There was a young woman standing in my drive. She was of medium height, a little heavy, her reddish hair in short curls. Gregory Lang?
My name is Meg Caro, she said. She stepped forward to shake my hand.
What can I do for you?
You're the painter, right?
I'm a painter, too. At least I want to be. I want to be your apprentice. She stood straighter.
This is not the Middle Ages, I said.
Your intern then.
I've never seen your work. I don't know you. You might be dangerous. For all you know, I'm dangerous. I don't take on apprentices or interns.
I have some photographs of my paintings, she said.
I don't care. I'm flattered, but I don't care.
Please, look at them.
I looked down the dirt lane and wished that my wife would drive in, but she wouldn't be home for another couple of hours.
What will it hurt to look? she asked.
You say your name is Meg?
How old are you, Meg Caro?
Twenty-two, she said.
That's old enough to know better than to visit a strange man all alone.
Where are you from, Meg Caro?
Let me see the pictures.
She opened her backpack and handed me a ring binder.
I opened it but couldn't see. I'll have to get my glasses, I said.
They're on your head.
Thanks. I looked at the pictures of her paintings. These are pretty good.
I studied at the Art Institute of Chicago.
That should help me like the paintings more?
No, I just thought.
I'd stepped on her a bit, so I said, I like the work. Of course, you can tell only so much from photos. The paintings were young, not uninteresting, and nice enough to look at. Photos are so flat.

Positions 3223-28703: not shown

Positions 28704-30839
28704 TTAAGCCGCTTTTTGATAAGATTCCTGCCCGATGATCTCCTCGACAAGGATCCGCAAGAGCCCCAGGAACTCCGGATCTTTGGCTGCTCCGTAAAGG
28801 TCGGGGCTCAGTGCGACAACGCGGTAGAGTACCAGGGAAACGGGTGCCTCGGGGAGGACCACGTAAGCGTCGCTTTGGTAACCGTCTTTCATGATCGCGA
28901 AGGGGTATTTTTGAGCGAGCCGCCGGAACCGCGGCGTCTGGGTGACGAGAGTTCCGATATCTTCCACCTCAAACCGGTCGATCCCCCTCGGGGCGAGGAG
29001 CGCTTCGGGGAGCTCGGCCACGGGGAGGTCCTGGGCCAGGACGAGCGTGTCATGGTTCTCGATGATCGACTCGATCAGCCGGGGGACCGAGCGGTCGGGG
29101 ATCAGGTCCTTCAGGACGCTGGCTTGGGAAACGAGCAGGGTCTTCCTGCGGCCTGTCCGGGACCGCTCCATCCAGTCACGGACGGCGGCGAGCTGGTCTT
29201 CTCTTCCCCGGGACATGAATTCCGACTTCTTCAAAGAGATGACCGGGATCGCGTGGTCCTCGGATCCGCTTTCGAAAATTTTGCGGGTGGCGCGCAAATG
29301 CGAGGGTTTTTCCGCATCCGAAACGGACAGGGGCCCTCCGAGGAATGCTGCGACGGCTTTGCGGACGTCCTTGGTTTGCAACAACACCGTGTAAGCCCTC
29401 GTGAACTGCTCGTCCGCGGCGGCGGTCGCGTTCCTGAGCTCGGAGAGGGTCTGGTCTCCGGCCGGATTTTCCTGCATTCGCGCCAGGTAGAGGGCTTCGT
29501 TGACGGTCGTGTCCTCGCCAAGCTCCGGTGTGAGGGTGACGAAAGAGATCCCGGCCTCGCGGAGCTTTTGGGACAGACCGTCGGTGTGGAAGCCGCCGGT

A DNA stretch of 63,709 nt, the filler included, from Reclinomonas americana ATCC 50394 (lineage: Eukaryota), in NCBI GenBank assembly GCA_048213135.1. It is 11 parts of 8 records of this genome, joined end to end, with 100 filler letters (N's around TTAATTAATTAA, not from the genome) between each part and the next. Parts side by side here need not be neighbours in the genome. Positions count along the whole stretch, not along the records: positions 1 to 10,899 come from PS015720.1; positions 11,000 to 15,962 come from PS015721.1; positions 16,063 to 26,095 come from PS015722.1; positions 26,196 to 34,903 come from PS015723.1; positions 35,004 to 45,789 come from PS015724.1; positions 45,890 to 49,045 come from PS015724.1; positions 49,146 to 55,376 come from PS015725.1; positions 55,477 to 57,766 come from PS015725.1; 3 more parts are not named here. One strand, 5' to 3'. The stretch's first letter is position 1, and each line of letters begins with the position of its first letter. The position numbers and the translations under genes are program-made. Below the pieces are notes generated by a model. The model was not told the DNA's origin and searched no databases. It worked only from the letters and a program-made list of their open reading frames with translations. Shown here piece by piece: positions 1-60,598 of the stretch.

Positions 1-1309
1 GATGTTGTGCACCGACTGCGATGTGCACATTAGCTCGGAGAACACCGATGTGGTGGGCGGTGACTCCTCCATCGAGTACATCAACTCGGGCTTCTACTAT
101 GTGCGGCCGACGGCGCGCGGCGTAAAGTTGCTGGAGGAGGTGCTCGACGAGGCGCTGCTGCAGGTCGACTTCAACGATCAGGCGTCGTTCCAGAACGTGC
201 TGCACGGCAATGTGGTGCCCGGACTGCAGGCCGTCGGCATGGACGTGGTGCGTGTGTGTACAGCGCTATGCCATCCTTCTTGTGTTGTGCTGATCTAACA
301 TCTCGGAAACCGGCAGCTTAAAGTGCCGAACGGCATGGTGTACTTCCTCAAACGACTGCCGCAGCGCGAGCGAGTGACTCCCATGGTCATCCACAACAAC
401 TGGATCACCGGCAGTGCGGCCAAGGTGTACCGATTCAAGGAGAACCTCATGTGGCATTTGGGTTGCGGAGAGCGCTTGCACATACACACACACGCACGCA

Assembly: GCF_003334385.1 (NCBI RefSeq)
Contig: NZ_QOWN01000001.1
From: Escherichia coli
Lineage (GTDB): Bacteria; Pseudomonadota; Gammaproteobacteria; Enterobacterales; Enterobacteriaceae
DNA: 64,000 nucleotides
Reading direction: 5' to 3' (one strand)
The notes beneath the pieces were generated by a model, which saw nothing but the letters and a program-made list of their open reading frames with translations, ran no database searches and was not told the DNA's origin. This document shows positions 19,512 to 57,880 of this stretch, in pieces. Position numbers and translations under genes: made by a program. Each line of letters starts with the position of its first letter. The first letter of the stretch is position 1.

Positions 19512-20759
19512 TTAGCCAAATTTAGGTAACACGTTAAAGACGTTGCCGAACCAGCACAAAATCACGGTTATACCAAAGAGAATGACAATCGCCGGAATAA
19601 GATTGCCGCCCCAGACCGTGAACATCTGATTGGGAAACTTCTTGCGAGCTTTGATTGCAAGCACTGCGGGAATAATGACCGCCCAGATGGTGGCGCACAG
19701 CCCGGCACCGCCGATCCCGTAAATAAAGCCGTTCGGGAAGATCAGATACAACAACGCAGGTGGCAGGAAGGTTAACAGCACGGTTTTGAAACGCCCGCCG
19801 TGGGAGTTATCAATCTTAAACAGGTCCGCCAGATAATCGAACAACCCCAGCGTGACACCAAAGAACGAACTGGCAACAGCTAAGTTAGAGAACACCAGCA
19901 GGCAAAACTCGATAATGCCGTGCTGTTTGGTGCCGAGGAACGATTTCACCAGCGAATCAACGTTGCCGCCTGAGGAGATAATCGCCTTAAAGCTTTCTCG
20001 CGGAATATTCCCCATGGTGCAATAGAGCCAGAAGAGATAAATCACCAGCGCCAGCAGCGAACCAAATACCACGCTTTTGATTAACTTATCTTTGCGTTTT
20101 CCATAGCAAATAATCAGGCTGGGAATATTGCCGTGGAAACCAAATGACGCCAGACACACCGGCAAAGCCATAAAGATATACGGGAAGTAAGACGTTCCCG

Oh, I know, she said.
I studied her broad face for a second. Come in here, I said. I led her into my studio. See that big painting on the wall. I had a ten-by-twelve-foot canvas nailed up. Tell me what you think?
She breathed, then sighed. I like parts of it, she said. It reminds me of another of your paintings. That really big yellow one in Philadelphia. Somehow this seems like two paintings.
I stood next to her and stared at the work.
The underpainting seems somehow warmer on the left side. Is there some blue under there? Maybe some Indian yellow. She stepped back, leaned back. Her movements were confident, perhaps a little cocky.
Would you like some tea?
I went to the sink and put more water in my little battered electric pot. I glanced back to see that the woman was walking around the room, looking at drawings and notes and canvases.
What is this painting about?
Excerpted from PERCIVAL EVERETT BY VIRGIL RUSSELL by Percival Everett. Copyright © 2013 Percival Everett. Excerpted by permission of GRAYWOLF PRESS.
All rights reserved. No part of this excerpt may be reproduced or reprinted without permission in writing from the publisher.
Excerpts are provided by Dial-A-Book Inc. solely for the personal use of visitors to this web site.
Meet the Author
Percival Everett is Distinguished Professor of English at the University of Southern California and the author of more than twenty books, including Assumption, Erasure, I Am Not Sidney Poitier, The Water Cure, Wounded, and Glyph; three collections of short fiction; and one book of poetry. He is the recipient of the Academy Award from the American Academy of Arts and Letters, the Hurston/Wright Legacy Award, and the 2006 PEN USA Center Award for Fiction. He lives on his ranch in the mountains outside Los Angeles.
Percival Everett is the author of more than twenty books. He is the recipient of the Hurston/Wright Legacy Award and the PEN Center USA Award for Fiction. He teaches at the University of Southern California and lives outside Los Angeles.